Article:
Whether Obama's changes are viewed as "flip-flopping" may depend on what Galston calls "the basic optic."

"If he's basically faithful to the agenda he ran on, the reversals -- such as they are -- are going to be seen as tolerable exceptions rather than as leading indicators," he said. "If you are a single-issue person, what the president says in regard to your issue may be a bitter disappointment."

In quick succession last week, for example, Obama announced two major shifts on sensitive national security issues and drew cries of concern from the American Civil Liberties Union and open-government organizations.

He said he would oppose making the detainee pictures public -- a switch that could put him at odds with a federal judge who ordered them released. And he declared that the administration would stick with a modified version of the Bush administration's military tribunals for trying terrorism suspects; during the campaign he had promised to rely on federal courts and the traditional military justice system.

Similarly, on domestic policy, Obama aides last week suggested that much of the fees for exceeding carbon emissions caps might be given to factory owners and power companies if that's what it takes to gain their support for the proposal. During the campaign, Obama called for the fees to be used for alternative energy technology and middle-class tax cuts.

The recent shifts appear to be part of a pattern of starting in a liberal position and then rerouting toward the center.

For example, Obama staked out an unequivocal position against torture during the campaign, and after taking office made it his first order of business to close the U.S. military prison at Guantanamo Bay, Cuba, and ban the use of interrogation techniques beyond those allowed by the U.S. Army Field Manual. Those techniques prohibit physical contact or force.

But as president, he has not ruled out the practice of turning terrorism suspects over to other countries that employ torture, a practice known as "extraordinary rendition." He also ordered a task force to study the field manual and recommend "additional or different guidance."

"I think he's pragmatic," said Curt Levey, executive director of the conservative Committee for Justice, which is gearing up for a possible fight over Obama's Supreme Court nominee. "He's trying to compromise. But is he also an idealist? If 'idealist' means soaring rhetoric, that's easy. But if it means you'll fight for what you believe in, even when it's not pragmatic, then no."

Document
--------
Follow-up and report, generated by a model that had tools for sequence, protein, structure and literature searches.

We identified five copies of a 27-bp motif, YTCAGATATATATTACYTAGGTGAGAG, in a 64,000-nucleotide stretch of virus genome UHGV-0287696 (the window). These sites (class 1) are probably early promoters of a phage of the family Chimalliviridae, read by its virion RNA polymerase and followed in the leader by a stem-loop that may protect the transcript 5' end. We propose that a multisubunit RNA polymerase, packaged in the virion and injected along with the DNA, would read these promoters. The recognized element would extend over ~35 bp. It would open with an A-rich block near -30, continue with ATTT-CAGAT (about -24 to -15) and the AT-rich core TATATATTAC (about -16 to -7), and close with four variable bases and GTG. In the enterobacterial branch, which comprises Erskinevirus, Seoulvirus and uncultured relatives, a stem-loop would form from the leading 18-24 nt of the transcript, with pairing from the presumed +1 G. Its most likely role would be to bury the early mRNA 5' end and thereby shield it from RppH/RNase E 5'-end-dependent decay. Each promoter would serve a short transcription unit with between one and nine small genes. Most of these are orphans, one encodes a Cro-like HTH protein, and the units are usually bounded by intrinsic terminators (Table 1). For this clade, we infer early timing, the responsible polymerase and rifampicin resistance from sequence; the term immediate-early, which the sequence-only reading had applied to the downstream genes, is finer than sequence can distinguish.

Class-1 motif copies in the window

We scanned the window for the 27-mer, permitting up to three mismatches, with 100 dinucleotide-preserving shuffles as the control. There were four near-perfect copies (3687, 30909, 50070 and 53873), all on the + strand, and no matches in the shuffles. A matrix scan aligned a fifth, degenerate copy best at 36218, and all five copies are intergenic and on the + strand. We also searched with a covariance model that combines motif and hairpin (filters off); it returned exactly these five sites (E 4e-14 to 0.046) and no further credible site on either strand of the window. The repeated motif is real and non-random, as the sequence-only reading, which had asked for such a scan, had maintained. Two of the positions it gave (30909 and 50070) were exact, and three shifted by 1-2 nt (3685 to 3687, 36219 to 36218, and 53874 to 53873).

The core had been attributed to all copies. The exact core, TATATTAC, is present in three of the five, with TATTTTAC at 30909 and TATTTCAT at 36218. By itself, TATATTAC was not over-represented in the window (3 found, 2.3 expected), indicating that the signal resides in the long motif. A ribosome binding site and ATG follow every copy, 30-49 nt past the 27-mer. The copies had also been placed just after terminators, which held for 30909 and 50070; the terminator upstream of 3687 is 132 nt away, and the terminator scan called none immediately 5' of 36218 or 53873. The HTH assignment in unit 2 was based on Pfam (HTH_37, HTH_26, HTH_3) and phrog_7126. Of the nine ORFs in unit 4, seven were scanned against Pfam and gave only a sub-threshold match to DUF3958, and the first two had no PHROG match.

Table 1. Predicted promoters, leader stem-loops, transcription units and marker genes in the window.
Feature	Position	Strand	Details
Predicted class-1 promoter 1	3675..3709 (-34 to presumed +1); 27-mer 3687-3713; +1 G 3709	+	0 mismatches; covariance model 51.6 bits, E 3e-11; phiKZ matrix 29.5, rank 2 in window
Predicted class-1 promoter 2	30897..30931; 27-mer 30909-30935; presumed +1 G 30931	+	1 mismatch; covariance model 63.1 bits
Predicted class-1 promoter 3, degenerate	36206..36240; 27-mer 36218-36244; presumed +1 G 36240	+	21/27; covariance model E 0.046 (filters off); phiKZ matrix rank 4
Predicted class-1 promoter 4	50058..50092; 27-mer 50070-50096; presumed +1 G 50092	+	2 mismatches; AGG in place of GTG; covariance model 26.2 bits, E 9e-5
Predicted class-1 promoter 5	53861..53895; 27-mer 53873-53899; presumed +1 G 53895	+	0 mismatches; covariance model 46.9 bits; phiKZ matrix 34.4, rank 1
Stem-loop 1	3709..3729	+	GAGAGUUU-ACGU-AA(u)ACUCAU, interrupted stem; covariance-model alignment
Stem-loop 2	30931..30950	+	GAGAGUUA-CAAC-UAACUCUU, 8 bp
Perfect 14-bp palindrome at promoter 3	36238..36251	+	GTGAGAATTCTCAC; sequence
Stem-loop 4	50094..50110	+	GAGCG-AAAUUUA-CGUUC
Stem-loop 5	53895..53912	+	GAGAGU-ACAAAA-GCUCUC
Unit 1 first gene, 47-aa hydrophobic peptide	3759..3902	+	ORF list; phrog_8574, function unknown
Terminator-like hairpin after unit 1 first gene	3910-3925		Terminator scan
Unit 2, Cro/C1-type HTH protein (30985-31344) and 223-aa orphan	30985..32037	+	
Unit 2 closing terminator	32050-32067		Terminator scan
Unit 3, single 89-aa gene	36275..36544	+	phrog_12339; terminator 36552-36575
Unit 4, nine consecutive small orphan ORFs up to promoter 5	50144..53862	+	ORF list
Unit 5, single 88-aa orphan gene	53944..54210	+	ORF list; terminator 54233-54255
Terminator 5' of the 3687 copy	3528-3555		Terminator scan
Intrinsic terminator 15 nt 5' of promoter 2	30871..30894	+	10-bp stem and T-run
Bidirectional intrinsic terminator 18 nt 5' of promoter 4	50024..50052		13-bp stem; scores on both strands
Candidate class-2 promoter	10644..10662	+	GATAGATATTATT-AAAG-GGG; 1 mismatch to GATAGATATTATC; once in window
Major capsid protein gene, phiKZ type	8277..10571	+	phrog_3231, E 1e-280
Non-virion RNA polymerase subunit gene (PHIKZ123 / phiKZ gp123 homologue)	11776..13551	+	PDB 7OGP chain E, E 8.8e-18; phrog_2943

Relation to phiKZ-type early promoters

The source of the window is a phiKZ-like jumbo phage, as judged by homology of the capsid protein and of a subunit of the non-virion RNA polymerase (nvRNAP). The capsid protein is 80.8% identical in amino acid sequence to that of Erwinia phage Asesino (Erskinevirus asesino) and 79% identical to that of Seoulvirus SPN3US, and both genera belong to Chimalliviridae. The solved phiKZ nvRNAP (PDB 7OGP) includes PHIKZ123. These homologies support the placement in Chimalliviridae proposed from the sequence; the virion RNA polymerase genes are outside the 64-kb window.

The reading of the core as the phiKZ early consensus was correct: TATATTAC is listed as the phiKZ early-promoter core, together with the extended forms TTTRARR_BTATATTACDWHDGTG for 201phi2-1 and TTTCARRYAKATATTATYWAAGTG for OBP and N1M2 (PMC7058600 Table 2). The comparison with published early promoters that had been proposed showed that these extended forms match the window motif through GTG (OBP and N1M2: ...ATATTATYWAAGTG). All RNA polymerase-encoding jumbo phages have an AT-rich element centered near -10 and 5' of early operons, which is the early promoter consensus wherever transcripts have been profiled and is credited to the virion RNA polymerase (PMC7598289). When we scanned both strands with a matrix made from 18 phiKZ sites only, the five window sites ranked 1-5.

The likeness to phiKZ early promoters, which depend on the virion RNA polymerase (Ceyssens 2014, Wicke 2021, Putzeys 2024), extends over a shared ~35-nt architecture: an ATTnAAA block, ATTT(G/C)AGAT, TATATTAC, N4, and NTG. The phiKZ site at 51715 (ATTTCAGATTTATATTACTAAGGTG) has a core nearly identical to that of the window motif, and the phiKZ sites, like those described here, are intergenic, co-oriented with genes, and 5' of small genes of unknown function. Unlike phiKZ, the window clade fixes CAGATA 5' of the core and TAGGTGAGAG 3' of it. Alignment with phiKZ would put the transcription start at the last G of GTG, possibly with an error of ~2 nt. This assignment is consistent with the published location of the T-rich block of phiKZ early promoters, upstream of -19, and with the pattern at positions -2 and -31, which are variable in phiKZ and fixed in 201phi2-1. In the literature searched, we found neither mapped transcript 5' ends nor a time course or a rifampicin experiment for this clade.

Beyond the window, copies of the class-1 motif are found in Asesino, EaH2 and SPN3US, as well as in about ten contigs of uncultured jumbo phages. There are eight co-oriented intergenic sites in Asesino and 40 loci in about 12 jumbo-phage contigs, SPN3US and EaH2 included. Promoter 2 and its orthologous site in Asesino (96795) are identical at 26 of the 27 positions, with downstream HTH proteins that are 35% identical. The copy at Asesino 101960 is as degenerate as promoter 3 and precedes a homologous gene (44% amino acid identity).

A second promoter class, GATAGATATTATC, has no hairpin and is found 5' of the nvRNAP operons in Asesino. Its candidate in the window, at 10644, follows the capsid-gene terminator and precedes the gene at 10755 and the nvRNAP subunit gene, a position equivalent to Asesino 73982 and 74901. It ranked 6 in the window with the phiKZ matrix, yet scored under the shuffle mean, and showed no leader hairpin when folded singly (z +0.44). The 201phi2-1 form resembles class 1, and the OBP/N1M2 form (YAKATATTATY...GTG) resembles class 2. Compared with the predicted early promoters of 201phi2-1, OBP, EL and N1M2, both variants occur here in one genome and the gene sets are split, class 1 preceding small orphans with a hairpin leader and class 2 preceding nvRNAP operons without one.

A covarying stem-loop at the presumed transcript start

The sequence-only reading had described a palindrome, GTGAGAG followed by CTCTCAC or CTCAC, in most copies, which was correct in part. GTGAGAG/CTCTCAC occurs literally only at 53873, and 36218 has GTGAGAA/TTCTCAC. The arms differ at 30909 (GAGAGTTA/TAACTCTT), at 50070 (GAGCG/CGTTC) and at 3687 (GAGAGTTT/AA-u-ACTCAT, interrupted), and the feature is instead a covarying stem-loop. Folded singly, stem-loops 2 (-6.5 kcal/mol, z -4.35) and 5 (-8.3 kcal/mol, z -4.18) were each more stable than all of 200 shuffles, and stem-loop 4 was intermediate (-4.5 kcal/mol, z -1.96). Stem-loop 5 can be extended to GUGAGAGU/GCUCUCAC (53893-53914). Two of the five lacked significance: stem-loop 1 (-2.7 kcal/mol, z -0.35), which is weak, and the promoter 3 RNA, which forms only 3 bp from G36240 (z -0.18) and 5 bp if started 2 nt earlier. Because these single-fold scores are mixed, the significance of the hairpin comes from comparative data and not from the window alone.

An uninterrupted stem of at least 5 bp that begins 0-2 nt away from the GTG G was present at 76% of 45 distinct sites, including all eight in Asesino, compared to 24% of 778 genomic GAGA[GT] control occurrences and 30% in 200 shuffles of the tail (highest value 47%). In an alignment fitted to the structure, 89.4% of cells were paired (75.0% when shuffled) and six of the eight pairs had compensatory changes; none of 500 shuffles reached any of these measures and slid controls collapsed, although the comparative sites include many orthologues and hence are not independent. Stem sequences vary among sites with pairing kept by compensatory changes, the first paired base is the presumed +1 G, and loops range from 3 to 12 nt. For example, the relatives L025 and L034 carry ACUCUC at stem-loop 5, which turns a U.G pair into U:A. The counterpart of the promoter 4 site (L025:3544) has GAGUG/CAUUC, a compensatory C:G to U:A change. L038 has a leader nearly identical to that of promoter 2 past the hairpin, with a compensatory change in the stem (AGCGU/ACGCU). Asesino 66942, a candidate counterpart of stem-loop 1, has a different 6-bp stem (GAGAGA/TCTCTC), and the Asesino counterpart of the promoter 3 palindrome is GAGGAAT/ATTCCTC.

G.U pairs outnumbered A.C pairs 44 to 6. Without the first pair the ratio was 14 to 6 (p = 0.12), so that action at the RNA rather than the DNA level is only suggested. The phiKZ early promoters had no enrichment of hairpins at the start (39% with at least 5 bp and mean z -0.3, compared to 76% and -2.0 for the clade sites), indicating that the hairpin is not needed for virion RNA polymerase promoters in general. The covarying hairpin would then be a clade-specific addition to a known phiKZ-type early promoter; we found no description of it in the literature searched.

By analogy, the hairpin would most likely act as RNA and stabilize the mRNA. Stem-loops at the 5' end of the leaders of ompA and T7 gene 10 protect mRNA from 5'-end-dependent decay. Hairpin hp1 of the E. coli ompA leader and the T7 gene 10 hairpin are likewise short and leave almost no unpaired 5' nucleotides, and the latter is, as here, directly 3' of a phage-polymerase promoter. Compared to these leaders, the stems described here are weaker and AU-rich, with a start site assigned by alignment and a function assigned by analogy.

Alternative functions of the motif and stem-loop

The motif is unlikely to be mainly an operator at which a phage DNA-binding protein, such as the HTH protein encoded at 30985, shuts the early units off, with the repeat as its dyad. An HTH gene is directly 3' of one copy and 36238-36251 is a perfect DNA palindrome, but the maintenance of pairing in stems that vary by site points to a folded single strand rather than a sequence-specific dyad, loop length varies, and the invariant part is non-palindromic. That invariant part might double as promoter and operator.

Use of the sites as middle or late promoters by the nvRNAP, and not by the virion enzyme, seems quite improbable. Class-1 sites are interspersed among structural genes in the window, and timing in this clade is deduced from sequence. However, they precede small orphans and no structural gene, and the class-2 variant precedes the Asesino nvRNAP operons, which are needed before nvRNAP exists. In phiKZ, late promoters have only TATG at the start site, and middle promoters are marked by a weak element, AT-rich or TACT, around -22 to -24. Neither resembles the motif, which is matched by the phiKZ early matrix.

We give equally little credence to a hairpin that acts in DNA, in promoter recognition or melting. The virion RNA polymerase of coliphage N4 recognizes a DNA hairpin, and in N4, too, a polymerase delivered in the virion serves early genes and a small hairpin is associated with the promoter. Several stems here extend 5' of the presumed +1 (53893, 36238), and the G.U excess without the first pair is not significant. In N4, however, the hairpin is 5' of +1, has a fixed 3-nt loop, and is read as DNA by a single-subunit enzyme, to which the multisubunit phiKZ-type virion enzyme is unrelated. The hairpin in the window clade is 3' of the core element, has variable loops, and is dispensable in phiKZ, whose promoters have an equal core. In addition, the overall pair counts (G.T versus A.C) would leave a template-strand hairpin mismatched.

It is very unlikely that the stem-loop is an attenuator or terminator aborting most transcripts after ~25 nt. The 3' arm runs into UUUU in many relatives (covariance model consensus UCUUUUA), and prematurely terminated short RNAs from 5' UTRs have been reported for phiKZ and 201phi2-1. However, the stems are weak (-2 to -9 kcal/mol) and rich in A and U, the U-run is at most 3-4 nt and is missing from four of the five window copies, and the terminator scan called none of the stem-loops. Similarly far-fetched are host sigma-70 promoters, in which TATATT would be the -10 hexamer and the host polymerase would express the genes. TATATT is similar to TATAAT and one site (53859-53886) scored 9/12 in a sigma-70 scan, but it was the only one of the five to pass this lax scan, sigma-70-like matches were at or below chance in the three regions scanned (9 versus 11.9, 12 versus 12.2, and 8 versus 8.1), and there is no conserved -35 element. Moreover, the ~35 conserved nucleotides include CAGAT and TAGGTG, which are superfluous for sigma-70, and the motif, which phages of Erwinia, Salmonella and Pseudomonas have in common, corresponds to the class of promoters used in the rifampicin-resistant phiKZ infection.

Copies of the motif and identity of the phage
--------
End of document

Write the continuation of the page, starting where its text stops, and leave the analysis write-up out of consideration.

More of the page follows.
The change from the Bush years is striking. Bush would "stick with his way no matter where it led," said Matt Bennett, vice president of Third Way, a centrist Democratic think tank. "Obama has the opposite personality and makeup." Obama does not believe "that every progressive orthodoxy is sacrosanct," Bennett said.

Though for the most part liberals have held their fire, the last week's events raise the question of how long they will tolerate the pattern.

As the House debated war funding last week, House Appropriations Committee Chairman David R. Obey (D-Wis.) compared his position to when, after being elected to the House as an antiwar candidate in 1969, he initially gave President Nixon's war policy the benefit of the doubt.

"I decided to give him a year. I'm pretty much in the same position," Obey said. "We have no choice but to give the president a shot. It's a miserable situation that he's inherited, and he does not have a good hand to play."

Indeed, some Democrats cringed as the news Obama delivered to Gen. Odierno made its way around town. Odierno was not the only military leader expressing concern, but he was among the most passionate, Pentagon officials said.